H: s:EX f:H e:0 p:1405 [httpd] gfs2_write_begin+0x61/0x33e [gfs2]
H: s:EX f:W e:0 p:31819 [umount] gfs2_write_inode+0x57/0x152 [gfs2]
The content of the file is a series of lines. Each line starting with G: represents one glock, and the following lines, indented by a single space, represent an item of information relating to the glock immediately before them in the file
Lines in the
debugfsfile starting with H: (holders) represent lock requests either granted or waiting to be granted
The flags field on the holders line f: shows which: The 'W' flag refers to a waiting request, the 'H' flag refers to a granted request
The glocks which have large numbers of waiting requests are likely to be those which are experiencing particular contention.
Having identified a glock which is causing a problem, the next step is to find out which inode it relates to. The glock number (n: on the G: line) indicates this. It is of the form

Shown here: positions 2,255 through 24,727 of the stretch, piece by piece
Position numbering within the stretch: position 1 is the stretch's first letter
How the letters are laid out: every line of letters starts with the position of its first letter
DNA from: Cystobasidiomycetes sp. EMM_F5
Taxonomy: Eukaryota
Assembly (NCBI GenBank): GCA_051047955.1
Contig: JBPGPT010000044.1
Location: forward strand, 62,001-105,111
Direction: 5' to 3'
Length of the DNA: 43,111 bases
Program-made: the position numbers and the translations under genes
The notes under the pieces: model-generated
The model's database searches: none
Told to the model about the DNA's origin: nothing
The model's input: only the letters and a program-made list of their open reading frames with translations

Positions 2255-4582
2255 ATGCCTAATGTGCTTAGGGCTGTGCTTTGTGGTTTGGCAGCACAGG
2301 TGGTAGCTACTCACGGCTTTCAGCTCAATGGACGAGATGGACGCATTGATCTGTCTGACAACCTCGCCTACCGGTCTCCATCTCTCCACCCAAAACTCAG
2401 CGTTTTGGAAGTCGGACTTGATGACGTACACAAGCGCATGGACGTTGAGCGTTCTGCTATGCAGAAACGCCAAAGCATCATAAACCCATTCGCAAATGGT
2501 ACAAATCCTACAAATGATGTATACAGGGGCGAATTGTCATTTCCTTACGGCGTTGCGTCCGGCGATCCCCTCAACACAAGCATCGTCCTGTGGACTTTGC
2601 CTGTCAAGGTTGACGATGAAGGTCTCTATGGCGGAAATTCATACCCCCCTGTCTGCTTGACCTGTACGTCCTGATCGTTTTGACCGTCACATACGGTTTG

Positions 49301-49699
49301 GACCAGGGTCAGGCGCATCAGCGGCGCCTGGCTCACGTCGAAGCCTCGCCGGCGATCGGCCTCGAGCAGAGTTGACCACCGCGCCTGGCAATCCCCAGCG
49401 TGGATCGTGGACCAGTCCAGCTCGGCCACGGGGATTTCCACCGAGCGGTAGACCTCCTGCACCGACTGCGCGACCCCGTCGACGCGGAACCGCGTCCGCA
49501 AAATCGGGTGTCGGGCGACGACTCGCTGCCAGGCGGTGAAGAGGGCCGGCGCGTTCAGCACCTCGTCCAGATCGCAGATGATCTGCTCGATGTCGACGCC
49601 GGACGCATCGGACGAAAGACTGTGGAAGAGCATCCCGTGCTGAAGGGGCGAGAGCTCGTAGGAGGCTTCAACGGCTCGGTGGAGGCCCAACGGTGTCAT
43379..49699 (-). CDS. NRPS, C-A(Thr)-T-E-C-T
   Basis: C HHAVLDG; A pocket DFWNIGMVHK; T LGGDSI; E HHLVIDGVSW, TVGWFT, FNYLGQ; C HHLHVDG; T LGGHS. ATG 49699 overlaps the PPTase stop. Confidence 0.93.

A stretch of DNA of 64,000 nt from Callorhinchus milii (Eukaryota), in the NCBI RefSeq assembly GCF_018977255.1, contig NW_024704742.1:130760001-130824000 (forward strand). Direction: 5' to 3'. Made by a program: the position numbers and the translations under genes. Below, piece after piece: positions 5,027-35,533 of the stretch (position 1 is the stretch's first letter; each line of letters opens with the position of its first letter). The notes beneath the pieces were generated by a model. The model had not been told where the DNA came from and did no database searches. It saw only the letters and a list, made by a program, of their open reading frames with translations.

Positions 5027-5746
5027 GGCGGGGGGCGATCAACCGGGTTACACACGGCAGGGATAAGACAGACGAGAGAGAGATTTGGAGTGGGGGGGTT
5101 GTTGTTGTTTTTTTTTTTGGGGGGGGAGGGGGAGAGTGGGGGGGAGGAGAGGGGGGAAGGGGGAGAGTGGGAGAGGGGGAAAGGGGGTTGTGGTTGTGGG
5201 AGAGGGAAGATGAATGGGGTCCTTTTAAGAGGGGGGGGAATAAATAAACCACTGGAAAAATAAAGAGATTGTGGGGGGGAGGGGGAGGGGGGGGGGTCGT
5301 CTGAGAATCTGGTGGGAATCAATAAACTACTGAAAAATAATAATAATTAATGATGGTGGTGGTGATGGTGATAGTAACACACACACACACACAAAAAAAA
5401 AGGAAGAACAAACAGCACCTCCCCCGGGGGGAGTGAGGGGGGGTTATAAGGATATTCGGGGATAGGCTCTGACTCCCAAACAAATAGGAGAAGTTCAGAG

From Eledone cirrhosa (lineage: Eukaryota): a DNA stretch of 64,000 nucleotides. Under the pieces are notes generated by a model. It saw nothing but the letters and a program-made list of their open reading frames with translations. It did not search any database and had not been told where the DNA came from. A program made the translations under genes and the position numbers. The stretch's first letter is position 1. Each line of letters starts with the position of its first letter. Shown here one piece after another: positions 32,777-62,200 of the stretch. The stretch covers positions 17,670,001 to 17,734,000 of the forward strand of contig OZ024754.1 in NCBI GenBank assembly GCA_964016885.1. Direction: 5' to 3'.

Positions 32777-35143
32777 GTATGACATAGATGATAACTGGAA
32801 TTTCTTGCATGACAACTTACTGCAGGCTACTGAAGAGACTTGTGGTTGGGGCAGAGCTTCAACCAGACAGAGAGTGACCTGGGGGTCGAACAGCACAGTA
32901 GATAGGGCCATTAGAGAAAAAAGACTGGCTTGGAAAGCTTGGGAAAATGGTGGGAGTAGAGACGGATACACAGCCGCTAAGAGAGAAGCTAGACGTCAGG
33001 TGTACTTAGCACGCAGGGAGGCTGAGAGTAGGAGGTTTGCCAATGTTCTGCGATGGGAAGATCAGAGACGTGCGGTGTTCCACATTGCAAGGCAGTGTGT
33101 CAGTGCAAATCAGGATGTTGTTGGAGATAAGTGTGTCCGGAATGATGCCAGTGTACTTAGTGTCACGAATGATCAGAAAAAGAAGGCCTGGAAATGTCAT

typeis 2, then the glock is an inode glock and the
numberis an inode number. To track down the inode, you can then run
numberis the inode number converted from the hex format in the glocks file into decimal.
If the glock that was identified was of a different type, then it is most likely to be of type 3: (resource group). If you see significant numbers of processes waiting for other types of glock under normal loads, then please report this to Red Hat support.
f you do see a number of waiting requests queued on a resource group lock there may be a number of reason for this. One is that there are a large number of nodes compared to the number of resource groups in the filesystem. Another is that the filesystem may be very nearly full (requiring, on average, longer searches for free blocks). The situation in both cases can be improved by adding more storage and using the
gfs2_growcommand to expand the filesystem.
The W flag indicates that this is waiting for a glock
UN (unlocked) state
SH (shared) lock